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Delta 2019: for equity sake, Ogboru should rest till 2023

By Ijeoma Uba

By an unwritten agreement, majority of Nigerians have consented to power rotation of elective offices, both in political and community affairs. This agreement is to engender equity, fairness, balance and geo-political spread. Political parties have began to adopt it as a strategy for winning power when it comes to elections at all levels.

The impact of power rotation in elections in Nigeria has become so dominant that it would be seen as “dumb politics” for any political party to attempt to disregard it. We may recall that President Goodluck Jonathan and the People’s Democratic Party, PDP, paid a heavy price and had learnt the hard way in 2015.

In Delta State, the People’s Democratic Party has also managed to hold on to political power largely because the opposition has failed to recognise this clamour by every minority group for equity and fairness in the distribution of executive power in the state.


From 1999 to 2007, Chief James Onanefe Ibori of Delta Central governed Delta State; while the period from 2007-2015 saw Dr. Emmanuel Eweta Uduaghan of Delta South on the saddle. It was therefore naturally expected that 2015 -2023 should be the turn of Delta North.

Senator Dr. Ifeanyi Arthur Okowa of Delta North won the 2015 election in a landslide, and is warming up for a second term in 2019. And while I concede that he could have done much better since the three years that he has been on the saddle, I totally see it as unfair, maltreatment and even inciting for the governance of the state to be taken away from the Delta North region before 2023.

If Dr. Okowa is not doing well enough, then he has to be replaced; because there are surely other eminently qualified Anioma sons and daughters who can replace him. And any argument for the governorship to be taken away from the Delta North district before 2023 will be seen as a big slap on the face of the entire Anioma. I can almost guarantee that every genuine son or daughter of Anioma shall and will guard against that.

It is therefore not only surprising but disheartening that the People’s General, Chief Great Ovedje Ogboru, would be angling to short-change a section of the same people that he seeks to lead.

While he is constitutionally qualified to aspire to govern Delta State, Chief Ogboru should rest till 2023 in the spirit of fair play and equity. Unless he is telling everyone that his quest to rule Delta State over these many years has eroded his filial duties to his own mother’s people. He must stop to ponder deeply why the same Delta North region that earnestly voted for him in 2011, from where he won four local government areas, would totally reject him in 2015.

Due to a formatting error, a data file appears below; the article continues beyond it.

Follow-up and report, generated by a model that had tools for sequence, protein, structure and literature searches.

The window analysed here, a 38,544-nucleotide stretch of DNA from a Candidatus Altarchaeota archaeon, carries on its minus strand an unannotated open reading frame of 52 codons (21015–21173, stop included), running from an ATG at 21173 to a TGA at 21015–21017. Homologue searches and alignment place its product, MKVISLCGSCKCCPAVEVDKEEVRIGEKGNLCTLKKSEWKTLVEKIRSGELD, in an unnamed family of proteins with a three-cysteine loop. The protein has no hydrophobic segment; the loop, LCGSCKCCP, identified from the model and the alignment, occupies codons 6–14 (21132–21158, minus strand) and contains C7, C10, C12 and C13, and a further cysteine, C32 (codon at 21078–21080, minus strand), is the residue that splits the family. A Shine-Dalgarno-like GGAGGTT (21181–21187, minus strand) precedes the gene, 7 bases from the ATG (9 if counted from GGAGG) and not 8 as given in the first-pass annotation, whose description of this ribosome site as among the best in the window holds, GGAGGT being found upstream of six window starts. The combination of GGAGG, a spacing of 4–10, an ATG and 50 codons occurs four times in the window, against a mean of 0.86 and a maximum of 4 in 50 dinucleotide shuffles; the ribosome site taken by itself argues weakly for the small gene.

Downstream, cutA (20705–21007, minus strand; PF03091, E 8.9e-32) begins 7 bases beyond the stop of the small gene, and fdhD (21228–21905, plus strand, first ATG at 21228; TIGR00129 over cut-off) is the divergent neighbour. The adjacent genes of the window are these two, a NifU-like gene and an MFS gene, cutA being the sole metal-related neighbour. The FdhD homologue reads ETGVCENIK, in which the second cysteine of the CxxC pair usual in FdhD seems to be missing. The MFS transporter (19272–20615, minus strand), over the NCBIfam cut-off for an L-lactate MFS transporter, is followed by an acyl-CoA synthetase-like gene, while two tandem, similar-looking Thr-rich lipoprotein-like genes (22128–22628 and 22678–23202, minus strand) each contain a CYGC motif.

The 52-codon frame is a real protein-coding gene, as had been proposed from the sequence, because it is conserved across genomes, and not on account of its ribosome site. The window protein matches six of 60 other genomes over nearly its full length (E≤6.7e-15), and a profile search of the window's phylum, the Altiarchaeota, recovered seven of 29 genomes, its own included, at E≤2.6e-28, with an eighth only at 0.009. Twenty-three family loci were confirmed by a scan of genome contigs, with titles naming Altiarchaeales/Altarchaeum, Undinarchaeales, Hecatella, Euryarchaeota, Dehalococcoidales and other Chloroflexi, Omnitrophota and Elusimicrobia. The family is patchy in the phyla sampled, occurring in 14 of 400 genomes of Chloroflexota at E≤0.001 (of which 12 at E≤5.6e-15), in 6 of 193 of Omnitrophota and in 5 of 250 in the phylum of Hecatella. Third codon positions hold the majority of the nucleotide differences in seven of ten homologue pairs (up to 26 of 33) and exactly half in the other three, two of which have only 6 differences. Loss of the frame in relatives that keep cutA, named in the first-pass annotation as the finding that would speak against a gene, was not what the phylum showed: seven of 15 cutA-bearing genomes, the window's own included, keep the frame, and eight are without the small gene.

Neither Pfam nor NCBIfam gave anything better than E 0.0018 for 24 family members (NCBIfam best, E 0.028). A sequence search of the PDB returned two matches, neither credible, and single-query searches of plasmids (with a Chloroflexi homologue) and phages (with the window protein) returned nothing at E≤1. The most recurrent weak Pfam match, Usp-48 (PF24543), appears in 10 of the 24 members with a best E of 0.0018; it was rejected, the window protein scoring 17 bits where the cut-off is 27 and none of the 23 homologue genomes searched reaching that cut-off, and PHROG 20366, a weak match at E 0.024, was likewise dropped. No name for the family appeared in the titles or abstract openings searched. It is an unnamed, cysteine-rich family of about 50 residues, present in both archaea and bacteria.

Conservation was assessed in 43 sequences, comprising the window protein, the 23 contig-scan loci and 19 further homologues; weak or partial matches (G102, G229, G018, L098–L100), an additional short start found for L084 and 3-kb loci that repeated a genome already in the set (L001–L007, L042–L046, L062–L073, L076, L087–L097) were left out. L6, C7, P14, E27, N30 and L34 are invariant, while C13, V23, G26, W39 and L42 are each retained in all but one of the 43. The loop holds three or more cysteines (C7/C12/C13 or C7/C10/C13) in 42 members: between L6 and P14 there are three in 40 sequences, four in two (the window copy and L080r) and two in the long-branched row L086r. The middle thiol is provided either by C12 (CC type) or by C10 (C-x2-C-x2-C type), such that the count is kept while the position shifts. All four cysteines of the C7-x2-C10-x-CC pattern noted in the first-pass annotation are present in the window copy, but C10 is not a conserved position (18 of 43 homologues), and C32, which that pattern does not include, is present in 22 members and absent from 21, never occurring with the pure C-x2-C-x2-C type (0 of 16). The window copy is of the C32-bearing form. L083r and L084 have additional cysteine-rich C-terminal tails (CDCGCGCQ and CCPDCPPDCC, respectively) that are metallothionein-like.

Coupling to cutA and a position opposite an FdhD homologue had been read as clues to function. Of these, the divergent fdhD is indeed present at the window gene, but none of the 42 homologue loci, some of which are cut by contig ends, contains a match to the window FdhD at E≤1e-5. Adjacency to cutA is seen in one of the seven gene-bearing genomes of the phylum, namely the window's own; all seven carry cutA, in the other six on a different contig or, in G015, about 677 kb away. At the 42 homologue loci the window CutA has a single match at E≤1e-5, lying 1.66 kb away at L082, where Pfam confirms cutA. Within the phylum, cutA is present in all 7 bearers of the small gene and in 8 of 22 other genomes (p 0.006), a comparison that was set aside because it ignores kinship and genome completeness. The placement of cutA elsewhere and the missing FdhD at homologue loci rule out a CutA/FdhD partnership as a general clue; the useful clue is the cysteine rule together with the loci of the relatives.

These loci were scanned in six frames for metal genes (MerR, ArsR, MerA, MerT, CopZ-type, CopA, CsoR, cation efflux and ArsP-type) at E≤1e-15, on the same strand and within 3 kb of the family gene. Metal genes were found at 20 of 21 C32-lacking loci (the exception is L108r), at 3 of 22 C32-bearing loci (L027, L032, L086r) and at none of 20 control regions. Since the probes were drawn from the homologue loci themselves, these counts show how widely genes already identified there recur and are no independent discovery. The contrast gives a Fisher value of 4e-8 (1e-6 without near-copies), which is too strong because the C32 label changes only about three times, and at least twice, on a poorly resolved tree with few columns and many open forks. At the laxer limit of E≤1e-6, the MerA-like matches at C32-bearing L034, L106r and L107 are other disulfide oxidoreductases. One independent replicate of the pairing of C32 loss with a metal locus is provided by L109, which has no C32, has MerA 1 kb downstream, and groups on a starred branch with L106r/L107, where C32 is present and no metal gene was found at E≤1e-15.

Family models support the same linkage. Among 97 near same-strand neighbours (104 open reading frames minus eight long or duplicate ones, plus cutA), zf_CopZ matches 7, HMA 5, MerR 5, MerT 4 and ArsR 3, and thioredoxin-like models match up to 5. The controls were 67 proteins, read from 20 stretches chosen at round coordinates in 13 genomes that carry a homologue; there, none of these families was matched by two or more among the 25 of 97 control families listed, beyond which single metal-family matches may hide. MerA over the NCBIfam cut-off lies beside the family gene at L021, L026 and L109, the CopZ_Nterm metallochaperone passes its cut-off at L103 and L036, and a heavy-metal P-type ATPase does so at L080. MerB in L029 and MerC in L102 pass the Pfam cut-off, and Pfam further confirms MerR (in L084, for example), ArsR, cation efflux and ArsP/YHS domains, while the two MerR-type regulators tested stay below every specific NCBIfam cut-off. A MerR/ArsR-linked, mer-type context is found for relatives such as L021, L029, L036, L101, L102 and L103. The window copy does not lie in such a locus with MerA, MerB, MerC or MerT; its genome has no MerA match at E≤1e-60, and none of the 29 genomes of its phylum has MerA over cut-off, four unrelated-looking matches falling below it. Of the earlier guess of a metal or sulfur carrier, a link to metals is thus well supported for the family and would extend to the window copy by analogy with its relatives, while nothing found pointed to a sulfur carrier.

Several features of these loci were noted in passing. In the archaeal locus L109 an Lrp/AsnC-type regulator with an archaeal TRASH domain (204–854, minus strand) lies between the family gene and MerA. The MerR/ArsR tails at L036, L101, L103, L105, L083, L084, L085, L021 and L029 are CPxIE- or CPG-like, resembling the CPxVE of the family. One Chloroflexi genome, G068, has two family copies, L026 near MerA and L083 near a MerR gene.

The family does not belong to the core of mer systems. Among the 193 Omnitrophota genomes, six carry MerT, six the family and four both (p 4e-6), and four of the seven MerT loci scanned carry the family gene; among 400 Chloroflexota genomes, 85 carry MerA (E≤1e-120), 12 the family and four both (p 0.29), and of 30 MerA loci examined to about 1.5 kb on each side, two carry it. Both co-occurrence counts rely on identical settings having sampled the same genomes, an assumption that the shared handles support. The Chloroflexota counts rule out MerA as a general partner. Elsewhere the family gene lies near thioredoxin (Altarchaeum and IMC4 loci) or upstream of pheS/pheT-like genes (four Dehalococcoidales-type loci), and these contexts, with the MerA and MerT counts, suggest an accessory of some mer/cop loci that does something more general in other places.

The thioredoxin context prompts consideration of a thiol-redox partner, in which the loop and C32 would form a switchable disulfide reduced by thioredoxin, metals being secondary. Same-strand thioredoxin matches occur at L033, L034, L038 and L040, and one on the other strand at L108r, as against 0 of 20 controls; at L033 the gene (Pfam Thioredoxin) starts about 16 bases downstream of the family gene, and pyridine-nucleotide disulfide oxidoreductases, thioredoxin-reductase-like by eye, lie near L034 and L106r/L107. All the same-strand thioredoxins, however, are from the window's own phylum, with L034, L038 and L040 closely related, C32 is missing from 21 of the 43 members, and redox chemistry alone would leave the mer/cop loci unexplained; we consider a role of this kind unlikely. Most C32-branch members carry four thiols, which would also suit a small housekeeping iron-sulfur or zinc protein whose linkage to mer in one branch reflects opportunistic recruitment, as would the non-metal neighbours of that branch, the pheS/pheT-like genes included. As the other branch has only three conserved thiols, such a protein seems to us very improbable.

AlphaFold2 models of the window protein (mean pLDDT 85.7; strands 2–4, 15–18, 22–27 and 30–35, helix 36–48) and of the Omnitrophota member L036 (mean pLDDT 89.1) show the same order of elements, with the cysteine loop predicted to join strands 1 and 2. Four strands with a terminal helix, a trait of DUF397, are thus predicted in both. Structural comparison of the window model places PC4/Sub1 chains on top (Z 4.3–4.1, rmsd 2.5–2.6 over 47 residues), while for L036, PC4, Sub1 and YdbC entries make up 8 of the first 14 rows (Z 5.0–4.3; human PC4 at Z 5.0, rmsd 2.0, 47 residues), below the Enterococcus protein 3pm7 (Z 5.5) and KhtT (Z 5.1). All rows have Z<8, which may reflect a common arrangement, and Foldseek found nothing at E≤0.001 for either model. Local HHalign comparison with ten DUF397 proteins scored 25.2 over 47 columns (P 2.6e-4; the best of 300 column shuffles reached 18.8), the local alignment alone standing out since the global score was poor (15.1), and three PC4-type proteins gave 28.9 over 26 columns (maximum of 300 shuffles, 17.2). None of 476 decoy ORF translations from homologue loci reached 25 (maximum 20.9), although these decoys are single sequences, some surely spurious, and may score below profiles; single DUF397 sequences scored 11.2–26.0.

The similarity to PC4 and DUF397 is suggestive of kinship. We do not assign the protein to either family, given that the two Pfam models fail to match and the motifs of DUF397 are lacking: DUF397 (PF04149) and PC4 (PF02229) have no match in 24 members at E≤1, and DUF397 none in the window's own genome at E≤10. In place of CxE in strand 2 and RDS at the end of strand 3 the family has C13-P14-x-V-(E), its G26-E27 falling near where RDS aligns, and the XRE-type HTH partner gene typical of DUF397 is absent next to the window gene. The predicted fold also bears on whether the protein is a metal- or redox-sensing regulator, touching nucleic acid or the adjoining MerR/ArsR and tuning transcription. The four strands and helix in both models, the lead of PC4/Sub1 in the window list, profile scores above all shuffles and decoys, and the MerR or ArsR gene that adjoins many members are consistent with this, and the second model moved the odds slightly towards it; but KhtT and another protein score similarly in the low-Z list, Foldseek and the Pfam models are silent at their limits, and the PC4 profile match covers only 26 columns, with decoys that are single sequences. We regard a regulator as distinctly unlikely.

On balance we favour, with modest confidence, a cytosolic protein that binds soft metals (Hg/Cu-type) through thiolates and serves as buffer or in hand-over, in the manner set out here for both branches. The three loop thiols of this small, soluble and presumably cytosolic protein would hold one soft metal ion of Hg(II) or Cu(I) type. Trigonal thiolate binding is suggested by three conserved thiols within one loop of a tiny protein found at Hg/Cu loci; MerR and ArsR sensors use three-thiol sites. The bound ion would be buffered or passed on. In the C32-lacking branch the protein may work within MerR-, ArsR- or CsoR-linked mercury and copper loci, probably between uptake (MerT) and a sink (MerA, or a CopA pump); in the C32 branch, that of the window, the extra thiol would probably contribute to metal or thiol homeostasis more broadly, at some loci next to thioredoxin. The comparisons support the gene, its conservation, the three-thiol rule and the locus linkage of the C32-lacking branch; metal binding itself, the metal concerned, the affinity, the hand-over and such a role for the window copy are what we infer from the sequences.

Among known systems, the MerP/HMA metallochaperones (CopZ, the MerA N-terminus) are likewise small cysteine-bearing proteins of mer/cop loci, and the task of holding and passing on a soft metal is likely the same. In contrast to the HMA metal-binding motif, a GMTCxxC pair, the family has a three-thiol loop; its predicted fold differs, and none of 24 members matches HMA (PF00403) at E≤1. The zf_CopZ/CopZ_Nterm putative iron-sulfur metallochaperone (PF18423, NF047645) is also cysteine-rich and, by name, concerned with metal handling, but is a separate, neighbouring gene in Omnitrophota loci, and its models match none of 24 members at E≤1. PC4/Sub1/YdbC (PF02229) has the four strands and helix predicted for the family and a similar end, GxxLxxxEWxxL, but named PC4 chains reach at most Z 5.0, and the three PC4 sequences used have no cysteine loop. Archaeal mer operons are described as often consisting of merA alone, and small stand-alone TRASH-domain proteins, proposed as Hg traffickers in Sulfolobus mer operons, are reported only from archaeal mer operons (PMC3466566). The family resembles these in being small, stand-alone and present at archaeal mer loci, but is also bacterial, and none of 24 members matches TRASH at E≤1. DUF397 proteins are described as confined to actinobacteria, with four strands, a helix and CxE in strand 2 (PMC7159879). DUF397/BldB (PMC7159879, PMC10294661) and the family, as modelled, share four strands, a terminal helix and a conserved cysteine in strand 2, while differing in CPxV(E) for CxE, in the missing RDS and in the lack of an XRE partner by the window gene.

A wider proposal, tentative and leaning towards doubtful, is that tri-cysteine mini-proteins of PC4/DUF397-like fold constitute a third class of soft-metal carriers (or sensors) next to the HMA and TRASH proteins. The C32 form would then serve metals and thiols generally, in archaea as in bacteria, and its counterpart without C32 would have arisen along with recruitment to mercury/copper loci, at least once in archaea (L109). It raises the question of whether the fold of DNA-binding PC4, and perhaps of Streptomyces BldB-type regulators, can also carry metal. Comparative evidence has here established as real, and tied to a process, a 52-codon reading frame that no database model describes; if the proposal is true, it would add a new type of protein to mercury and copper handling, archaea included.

Come to think of it, the Chief Ogboru who after contesting elections disappears from public glare cannot be said to be overambitious. Here’s a man who doesn’t contribute to any national or state discuss. A man who has never spoken of good nor condemned ills in the society, including a ravaging menace of herdsmen, when people are harassed, raped, maimed and killed periodically in his own domain.

If what I read is true, that he is actually preparing for 2019, then his handlers should advise him against such a wrong step because there is no path to victory. The political situation has changed since 2011, as evident in 2015.  And now that he has joined the All Progressives Party, APC, he appears to be borrowing a leaf from PMB who contested many times before he won, thinking that he too can win this time. However, Chief Ogboru must know that all politics is local, and that he is not Buhari. Moreso, he has to know that Buhari won in 2015 because it was the turn of the North, and Jonathan was seen as more of an opportunist trying to usurp the Northern people’s chance trying to usurp the turn of Delta North.

For equity sake, I will strongly advise him to invest the goodwill of his followers in supporting a Delta North candidate this time around. The return on such investment would be very high. And if by 2023, he still wishes to run; his bargaining power could be very huge when it is the turn of Delta Central. But should he decide not to run, it will be written in history that he sacrificed to join the ultimate charge that freed the people of Delta State from political bondage.

Also, many Urhobos may be concerned that should another Anioma indigene win the governorship on the platform of the APC, will the new governor respect the standing gentlemanly agreement to serve for one term? This question has been raised by not a few people, especially Urhobo, who feel that they may be short-changed by any digression. It is a legitimate concern given the high level of distrust in Nigeria’s politics. However, what I believe and can foresee is that if by 2023 the Anioma governor chooses, contrary to the agreed rotation to re-contest, the politics of fair play which gave Anioma the governor will remove him/her from office as the other zones will definitely kick against it, and will support Delta Central. Such betrayal can never stand, and because in my view Delta State needs to be freed, such a concern isn’t enough reason to cut Delta North’s tenure to only one. That is not equity; and that will be unfair to Chief Ogboru’s mother’s people too. But more importantly it would doom APC’s efforts to takeover Delta State.

At 60 years, Chief Great Ovedje Ogboru should bother more about his legacy, the wellbeing of the Delta State he would wish to live to see, as well as strengthening the next generation; instead of pursuing personal gains which might be more egoistic than fulfilling.

The People’s General should stand out as a Field Marshal and kingmaker, especially in 2019 when the odds are not in his favour.




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